To thee, O Lord, will I sing praises

Representative Text

1 To Thee, O Lord, will I sing praises,
For where is found a glorious God like Thee?
To Thee my heart its anthem raises,
O give Thy quick'ning Spirit's aid to me,
That I may sing in Jesus' name alone,
In strains which find acceptance at Thy throne.

2 O Father, draw me to the Savior,
That He in turn may draw me unto Thee;
Thy Spirit make my heart His dwelling
And deign within my rule and guide to be,
That I Thy wondrous peace may taste and feel
As from my heart to Thee glad anthems peal.

3 Grant me, O Lord, this priceless treasure,
Then shall my humble worship grateful be;
Then beautiful will be the measure
With which in heart and truth I worship Thee;
Then near to Thee Thy Spirit shall me bring,
And I a worthy psalm of praise shall sing.

4 For He can plead my cause with sighings
That far surpass all pow'r of speech to tell;
He teaches me to pray with fervor
And witness bears that I beyond shall dwell,
Thy child and heir with Christ, thro' whom I say:
O Abba, Father, hear me when I pray.

5 What Thy good Spirit bids me utter
Is truly with Thy will in sweet accord;
Thou nevermore wilt fail to grant me
What I request of Thee through Christ my Lord:
In His dear name I come before Thy face
And take from Thee, O Father, grace for grace.

6 I pray, then, in the name of Jesus,
Who ever pleads for me at Thy right hand;
Thus my petitions all are granted,
For Thou wilt nevermore His pleas withstand.
What joy and bliss beyond compare is mine!
For this, O Lord, be all the glory Thine!

Source: American Lutheran Hymnal #587

Author: Bartholomäus Crasselius

Crasselius, Bartholomäus, son of Johannes Crasselt, sheepmaster at Wemsdorf near Glauchau, Saxony; was born at Wernsdorf, Feb. 21, 1667. After studying at Halle, under A. H. Francke, he became, in 1701, pastor at Nidda, in Wetteravia, Hesse. In 1708 he was appointed Lutheran pastor at Düsseldorf, where he died Nov. 30, 1724, after a somewhat troubled pastorate, during which he felt called upon to testify strongly and somewhat bitterly against the shortcomings of the place and of the times (Koch, iv. 418-421; Allg. Deutsche Biographie, iv. 566-67; Bode, p. 55; manuscript from Pastor Baltzer, Wernsdorf; the second dating his call to Dusseldorf 1706). Of the 9 hymns by him which Freylinghausen included in his Geistreiches Gesang-Buch, 1704,… Go to person page >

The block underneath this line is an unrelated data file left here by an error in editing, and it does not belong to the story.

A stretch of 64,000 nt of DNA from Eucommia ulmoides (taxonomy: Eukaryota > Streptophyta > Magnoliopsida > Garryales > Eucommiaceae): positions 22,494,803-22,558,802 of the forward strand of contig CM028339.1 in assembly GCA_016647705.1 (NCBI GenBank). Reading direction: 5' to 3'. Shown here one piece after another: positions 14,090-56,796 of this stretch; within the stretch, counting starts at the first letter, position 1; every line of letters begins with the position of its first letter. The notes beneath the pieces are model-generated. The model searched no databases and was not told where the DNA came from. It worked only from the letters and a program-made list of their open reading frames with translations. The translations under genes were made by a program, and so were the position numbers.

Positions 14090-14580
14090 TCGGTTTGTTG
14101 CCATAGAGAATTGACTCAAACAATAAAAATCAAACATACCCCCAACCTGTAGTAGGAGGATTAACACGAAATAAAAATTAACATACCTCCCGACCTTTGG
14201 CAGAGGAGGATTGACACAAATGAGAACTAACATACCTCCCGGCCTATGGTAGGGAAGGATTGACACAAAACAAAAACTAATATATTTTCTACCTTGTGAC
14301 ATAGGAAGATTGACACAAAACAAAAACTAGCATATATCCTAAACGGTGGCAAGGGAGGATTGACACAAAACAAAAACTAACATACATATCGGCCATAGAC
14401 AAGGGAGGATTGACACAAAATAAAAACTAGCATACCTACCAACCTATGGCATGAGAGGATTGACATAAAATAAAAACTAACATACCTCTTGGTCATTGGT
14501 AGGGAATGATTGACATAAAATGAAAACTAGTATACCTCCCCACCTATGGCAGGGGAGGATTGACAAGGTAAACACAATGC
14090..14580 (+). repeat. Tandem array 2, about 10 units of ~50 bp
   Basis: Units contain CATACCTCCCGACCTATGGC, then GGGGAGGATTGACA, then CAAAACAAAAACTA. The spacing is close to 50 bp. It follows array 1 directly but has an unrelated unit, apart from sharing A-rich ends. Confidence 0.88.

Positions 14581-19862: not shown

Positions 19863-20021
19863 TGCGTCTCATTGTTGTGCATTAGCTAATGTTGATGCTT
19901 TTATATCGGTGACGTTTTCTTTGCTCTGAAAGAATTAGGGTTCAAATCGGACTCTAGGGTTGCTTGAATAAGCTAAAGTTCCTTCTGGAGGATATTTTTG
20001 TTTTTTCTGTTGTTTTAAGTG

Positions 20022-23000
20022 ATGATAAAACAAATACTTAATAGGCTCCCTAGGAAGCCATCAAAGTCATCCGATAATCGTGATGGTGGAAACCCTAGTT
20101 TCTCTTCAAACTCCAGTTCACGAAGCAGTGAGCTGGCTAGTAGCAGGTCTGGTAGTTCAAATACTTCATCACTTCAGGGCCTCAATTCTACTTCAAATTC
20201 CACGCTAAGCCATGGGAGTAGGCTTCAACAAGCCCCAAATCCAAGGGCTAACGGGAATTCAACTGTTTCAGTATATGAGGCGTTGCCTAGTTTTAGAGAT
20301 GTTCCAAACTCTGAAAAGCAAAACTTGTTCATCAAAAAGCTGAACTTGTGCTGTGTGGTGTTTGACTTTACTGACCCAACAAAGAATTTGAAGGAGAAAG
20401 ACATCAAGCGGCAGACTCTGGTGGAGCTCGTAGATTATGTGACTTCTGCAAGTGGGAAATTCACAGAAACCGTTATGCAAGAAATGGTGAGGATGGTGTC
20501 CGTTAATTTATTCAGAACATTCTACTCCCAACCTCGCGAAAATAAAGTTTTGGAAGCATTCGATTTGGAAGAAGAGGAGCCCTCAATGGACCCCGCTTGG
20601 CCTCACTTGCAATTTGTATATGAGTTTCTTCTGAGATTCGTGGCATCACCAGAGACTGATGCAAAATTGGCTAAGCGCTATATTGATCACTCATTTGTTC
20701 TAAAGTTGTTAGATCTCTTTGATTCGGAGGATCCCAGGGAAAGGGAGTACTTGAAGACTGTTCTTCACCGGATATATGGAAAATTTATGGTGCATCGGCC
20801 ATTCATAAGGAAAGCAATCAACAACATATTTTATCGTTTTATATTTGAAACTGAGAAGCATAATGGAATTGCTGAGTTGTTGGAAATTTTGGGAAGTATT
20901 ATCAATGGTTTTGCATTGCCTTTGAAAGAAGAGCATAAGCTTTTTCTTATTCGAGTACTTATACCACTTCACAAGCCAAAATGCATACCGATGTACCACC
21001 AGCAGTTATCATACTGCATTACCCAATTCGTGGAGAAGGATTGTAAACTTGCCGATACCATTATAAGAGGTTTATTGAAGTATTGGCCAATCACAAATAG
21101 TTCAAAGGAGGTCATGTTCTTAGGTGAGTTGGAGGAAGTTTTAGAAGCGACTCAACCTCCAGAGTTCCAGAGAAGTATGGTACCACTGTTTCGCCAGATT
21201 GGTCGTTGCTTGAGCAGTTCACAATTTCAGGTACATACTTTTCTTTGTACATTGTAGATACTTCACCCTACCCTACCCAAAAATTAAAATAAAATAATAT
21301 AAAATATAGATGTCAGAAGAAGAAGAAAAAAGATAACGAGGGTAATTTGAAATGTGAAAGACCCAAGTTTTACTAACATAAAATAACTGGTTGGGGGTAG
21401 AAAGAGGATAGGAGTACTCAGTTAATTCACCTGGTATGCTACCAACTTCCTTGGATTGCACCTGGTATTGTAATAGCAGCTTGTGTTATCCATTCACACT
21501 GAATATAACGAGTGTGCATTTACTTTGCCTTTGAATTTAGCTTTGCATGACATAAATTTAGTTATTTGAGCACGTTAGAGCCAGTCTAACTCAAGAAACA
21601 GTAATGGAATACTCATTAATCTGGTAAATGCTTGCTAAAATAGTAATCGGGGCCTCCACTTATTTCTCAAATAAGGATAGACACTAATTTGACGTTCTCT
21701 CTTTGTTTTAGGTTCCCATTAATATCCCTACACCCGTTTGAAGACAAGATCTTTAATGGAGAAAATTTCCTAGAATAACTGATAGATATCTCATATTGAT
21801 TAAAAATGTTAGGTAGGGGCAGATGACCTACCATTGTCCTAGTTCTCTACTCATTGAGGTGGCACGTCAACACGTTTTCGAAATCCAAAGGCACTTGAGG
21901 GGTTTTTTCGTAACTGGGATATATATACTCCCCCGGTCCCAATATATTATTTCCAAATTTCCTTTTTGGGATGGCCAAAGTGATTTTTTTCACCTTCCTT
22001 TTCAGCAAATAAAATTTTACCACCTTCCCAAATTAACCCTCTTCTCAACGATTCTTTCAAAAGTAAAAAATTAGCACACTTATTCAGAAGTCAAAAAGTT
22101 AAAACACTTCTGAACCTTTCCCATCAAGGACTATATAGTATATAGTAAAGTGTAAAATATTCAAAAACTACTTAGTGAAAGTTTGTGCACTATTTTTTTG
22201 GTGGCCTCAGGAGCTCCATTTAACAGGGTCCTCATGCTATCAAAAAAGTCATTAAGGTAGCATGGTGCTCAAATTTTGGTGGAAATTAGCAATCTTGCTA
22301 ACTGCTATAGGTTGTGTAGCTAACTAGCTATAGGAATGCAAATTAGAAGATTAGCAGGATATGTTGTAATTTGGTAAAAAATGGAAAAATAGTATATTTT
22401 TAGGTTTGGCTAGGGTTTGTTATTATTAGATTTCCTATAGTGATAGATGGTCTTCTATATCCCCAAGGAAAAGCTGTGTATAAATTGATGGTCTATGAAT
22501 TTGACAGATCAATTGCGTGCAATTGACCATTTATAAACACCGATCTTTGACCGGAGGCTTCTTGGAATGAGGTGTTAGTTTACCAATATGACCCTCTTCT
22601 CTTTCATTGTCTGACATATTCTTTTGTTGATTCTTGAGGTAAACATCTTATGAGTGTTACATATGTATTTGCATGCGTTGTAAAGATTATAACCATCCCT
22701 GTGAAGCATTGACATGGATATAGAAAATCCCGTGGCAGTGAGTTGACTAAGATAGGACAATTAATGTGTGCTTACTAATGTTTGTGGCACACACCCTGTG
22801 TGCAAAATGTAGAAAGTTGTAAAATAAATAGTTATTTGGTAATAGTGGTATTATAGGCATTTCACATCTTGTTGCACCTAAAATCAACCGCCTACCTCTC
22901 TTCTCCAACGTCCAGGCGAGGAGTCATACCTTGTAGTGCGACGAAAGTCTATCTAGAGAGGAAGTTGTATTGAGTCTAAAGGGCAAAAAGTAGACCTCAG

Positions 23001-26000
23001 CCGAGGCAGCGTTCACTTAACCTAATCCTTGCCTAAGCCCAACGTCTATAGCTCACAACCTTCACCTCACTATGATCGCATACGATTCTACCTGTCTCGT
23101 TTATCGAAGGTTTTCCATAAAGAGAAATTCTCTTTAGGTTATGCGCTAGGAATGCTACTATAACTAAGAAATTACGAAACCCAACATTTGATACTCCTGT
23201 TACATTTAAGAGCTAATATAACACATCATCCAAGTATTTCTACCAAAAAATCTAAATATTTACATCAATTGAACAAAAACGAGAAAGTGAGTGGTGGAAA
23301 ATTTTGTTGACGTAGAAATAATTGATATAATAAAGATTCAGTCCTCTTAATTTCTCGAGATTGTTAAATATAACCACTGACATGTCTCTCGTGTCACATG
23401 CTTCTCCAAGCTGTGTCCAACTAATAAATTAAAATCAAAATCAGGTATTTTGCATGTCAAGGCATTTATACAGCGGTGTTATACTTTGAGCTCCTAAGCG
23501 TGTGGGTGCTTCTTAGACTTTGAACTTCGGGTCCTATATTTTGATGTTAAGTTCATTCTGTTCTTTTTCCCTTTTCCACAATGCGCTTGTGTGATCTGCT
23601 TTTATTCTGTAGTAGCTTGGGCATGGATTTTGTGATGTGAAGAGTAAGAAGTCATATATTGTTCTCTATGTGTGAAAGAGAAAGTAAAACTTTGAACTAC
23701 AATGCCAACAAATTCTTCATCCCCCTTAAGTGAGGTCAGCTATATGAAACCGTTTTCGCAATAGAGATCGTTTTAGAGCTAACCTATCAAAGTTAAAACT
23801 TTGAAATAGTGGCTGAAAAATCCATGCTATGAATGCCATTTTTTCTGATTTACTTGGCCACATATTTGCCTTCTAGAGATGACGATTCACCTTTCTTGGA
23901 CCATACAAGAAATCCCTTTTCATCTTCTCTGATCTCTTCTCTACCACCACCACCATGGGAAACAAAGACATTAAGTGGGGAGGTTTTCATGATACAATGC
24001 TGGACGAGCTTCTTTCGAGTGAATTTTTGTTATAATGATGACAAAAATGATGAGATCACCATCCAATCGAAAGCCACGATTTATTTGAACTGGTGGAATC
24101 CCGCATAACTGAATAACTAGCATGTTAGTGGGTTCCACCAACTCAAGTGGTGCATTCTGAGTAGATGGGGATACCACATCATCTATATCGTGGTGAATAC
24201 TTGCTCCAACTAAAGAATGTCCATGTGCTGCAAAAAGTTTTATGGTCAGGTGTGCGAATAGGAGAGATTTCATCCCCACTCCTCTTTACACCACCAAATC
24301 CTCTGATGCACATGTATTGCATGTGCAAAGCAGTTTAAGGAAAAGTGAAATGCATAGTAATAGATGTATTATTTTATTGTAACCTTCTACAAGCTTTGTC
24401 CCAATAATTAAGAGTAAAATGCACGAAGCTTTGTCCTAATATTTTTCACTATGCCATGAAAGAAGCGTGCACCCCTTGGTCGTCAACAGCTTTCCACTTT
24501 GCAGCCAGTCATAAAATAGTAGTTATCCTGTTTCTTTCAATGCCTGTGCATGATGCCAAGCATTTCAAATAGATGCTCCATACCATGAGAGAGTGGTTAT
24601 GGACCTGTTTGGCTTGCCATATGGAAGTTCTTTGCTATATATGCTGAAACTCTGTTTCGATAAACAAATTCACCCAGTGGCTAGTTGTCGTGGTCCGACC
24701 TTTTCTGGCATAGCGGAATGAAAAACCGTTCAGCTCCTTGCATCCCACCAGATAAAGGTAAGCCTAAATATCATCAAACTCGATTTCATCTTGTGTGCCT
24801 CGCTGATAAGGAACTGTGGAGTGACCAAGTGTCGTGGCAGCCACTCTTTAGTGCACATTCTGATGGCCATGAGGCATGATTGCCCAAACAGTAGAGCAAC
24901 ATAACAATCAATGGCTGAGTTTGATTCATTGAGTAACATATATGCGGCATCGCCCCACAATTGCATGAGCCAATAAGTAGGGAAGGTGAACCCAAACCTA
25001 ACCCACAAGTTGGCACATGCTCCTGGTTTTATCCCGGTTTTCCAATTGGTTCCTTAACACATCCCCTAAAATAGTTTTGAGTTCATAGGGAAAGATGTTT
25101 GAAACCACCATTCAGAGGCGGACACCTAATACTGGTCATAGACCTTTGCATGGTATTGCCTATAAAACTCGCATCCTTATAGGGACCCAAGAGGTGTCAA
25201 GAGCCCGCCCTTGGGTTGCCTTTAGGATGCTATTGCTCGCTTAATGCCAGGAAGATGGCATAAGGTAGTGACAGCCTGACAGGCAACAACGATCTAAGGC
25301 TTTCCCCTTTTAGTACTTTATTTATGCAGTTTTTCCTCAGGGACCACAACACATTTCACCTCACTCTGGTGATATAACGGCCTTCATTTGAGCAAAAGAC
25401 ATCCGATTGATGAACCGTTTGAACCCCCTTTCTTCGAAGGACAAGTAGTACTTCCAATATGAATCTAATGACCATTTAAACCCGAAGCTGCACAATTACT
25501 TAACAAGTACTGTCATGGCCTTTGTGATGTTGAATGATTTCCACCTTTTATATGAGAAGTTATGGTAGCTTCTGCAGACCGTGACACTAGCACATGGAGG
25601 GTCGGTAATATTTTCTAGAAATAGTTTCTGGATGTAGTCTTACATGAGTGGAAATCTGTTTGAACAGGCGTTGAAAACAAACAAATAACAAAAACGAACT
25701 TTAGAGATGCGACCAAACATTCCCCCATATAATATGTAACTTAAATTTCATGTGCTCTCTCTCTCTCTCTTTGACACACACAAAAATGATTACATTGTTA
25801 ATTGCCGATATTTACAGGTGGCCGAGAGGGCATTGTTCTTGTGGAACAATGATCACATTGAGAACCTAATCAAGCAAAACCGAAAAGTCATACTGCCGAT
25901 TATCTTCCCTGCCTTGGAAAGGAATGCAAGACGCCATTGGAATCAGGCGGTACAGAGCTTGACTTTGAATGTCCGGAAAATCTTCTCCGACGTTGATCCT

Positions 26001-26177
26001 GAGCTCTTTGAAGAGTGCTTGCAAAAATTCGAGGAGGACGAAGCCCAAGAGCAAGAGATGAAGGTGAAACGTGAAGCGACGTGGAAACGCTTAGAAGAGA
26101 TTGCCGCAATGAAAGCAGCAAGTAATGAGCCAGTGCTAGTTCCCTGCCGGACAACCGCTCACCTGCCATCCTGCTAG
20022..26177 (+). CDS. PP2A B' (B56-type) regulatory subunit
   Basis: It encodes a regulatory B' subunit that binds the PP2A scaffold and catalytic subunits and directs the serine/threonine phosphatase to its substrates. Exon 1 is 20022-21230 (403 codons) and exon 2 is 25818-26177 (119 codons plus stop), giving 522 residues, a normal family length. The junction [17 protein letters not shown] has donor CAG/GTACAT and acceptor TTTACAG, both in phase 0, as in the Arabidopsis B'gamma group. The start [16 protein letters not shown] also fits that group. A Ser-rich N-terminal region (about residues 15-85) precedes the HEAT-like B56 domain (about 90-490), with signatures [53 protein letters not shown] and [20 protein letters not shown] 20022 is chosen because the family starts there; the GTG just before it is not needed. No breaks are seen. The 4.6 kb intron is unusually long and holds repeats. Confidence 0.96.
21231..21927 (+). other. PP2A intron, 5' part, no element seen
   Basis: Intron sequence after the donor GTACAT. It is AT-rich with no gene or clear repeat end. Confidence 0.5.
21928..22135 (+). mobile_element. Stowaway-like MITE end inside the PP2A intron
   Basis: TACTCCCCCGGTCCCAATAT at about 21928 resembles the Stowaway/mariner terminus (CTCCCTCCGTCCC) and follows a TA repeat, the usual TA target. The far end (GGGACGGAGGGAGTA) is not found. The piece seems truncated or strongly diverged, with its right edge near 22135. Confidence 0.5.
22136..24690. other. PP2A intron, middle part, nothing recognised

Translator: Catherine Winkworth

Catherine Winkworth (b. Holborn, London, England, 1827; d. Monnetier, Savoy, France, 1878) is well known for her English translations of German hymns; her translations were polished and yet remained close to the original. Educated initially by her mother, she lived with relatives in Dresden, Germany, in 1845, where she acquired her knowledge of German and interest in German hymnody. After residing near Manchester until 1862, she moved to Clifton, near Bristol. A pioneer in promoting women's rights, Winkworth put much of her energy into the encouragement of higher education for women. She translated a large number of German hymn texts from hymnals owned by a friend, Baron Bunsen. Though often altered, these translations continue to be used i… Go to person page >

Text Information

First Line: To thee, O Lord, will I sing praises
German Title: Dir, dir, Jehovah, will ich singen
Author: Bartholomäus Crasselius
Translator: Catherine Winkworth
Language: English
Copyright: Public Domain



DIR, DIR, JEHOVA was published anonymously in Georg Wittwe's Musikalisches Handbuch der Geistlichen Melodien (1690). The bar form (AAB) melody was expanded in Johann A. Freylinghausen's Geistreiches Gesangbuch (1704), where it was set to a hymn by Bärtholomaus Crasselius, "Dir, dir, Jehovah, vill i…

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Instances (1 - 7 of 7)
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American Lutheran Hymnal #587

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Evangelical Lutheran Hymnal #216

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Evangelical Lutheran hymnal #216

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Evangelical Lutheran Hymnal. 9th ed. #a216

Hymnal for Church, School and Home #d156

The Oxford American Hymnal for Schools and Colleges #d359

The Sunday School Hymnal #d206

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